June 23, 2012 - 9:19amUpdated: June 23, 2012 - 10:40am
Federal Opposition Leader Thomas Mulcair at the provincial NDP convention at the TCU Place on June 22, 2012. Fan-Yee Suen/News Talk Radio
Federal NDP Leader Thomas Mulcair kick started this weekend’s provincial NDP convention on Friday with a rousing opening speech at the TCU Place, showcasing his charisma and outlining how the party will attract new supporters ahead of the 2015 election.
“The first task is to reach out beyond our traditional base and unite progressives of all stripes under the NDP banner,” Mulcair told delegates. He credited the Saskatchewan New Democratic Party for being trailblazers in this area for generations.
“Your federal cousins … well, we’ve got to get better at it in this province because despite our strong roots here, the federal New Democrats continue to be shut out,” said Mulcair. “And that’s something I promise I will change in the next election.”
Mulcair also talked about rallying young Canadians, inviting them into the political arena well before they turn 18.
“One of the biggest jobs that we have to do as we head into the next election – a job that we have to do across Canada – is to connect with young peopl,” he said.
The opposition leader, who grew up in rural Quebec, talked about voting in his first federal election.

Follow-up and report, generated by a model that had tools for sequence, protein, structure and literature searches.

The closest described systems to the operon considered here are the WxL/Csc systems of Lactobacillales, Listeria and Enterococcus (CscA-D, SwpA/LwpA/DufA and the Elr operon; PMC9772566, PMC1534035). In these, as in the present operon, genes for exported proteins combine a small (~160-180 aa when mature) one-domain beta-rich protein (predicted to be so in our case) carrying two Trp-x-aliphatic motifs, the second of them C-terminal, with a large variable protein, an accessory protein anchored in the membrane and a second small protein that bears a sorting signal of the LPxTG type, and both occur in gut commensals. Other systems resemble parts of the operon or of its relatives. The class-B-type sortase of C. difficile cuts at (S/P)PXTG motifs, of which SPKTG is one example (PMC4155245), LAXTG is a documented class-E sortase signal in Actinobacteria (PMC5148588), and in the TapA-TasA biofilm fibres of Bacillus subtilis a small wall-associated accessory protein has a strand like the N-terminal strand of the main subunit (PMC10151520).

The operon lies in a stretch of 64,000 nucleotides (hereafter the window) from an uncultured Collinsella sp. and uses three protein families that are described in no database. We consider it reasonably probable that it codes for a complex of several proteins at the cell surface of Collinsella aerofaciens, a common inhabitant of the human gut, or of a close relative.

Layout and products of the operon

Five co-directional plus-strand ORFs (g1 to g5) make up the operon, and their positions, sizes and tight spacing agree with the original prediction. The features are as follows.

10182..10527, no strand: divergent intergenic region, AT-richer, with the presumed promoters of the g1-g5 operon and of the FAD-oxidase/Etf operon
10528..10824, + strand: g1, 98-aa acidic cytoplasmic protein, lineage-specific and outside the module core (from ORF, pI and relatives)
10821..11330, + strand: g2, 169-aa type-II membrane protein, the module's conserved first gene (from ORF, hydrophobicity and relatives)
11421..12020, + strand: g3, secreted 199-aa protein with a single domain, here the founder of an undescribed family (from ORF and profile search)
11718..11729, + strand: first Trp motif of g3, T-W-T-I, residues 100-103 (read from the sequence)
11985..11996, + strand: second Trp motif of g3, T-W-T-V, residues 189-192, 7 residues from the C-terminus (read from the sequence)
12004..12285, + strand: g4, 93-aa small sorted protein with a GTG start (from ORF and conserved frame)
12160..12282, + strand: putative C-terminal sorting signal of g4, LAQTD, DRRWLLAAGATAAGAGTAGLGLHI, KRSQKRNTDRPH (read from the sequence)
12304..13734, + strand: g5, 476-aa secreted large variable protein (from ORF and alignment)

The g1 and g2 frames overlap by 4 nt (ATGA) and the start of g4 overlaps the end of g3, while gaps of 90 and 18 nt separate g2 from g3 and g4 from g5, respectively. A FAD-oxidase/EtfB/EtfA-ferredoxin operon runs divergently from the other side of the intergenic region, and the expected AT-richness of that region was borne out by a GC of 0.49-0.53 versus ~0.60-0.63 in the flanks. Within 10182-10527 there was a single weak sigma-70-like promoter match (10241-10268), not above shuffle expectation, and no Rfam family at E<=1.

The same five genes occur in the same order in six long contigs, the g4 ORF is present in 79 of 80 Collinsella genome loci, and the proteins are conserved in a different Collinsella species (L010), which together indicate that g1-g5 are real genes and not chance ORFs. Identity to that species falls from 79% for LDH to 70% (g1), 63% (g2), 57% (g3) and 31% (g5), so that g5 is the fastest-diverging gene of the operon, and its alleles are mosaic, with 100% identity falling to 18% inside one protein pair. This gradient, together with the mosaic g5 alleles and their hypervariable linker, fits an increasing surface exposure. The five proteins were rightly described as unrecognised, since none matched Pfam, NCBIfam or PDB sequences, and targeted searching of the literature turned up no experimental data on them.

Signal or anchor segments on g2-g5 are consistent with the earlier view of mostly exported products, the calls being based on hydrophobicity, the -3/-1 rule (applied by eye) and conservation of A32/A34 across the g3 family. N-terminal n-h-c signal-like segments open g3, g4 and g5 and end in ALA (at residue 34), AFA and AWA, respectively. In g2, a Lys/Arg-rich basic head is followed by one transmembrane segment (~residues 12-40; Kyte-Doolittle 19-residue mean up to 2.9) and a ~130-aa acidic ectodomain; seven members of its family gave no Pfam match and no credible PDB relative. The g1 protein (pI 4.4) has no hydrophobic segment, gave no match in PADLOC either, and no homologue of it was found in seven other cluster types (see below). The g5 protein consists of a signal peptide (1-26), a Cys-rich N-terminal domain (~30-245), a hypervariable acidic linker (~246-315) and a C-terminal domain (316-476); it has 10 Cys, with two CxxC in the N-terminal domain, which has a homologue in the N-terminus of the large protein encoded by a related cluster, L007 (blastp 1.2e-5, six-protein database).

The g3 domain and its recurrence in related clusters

“I remember which church basement and which rural Quebec municipality I went and voted that year,” said the 57-year-old leader. “And I was excited about voting.”
Mulcair made broad stroke comments about the economy and environment, saying that the two are not disparate issues.
“It’s false to oppose economy and environment – the two go hand in hand,” Mulcair told reporters. “We have to take care of our responsibility to future generations and the way to do that is to make sure the economic, the ecological and the social aspects of every problem that comes before government.”
Mulcair, who recently toured the oilsands in Alberta, also stuck to his message of making companies pay environmental costs and enforcing environmental legislation.
“We are in favour of development of the oilsands as long as it’s sustainable development that includes basic principles such as polluters pay.”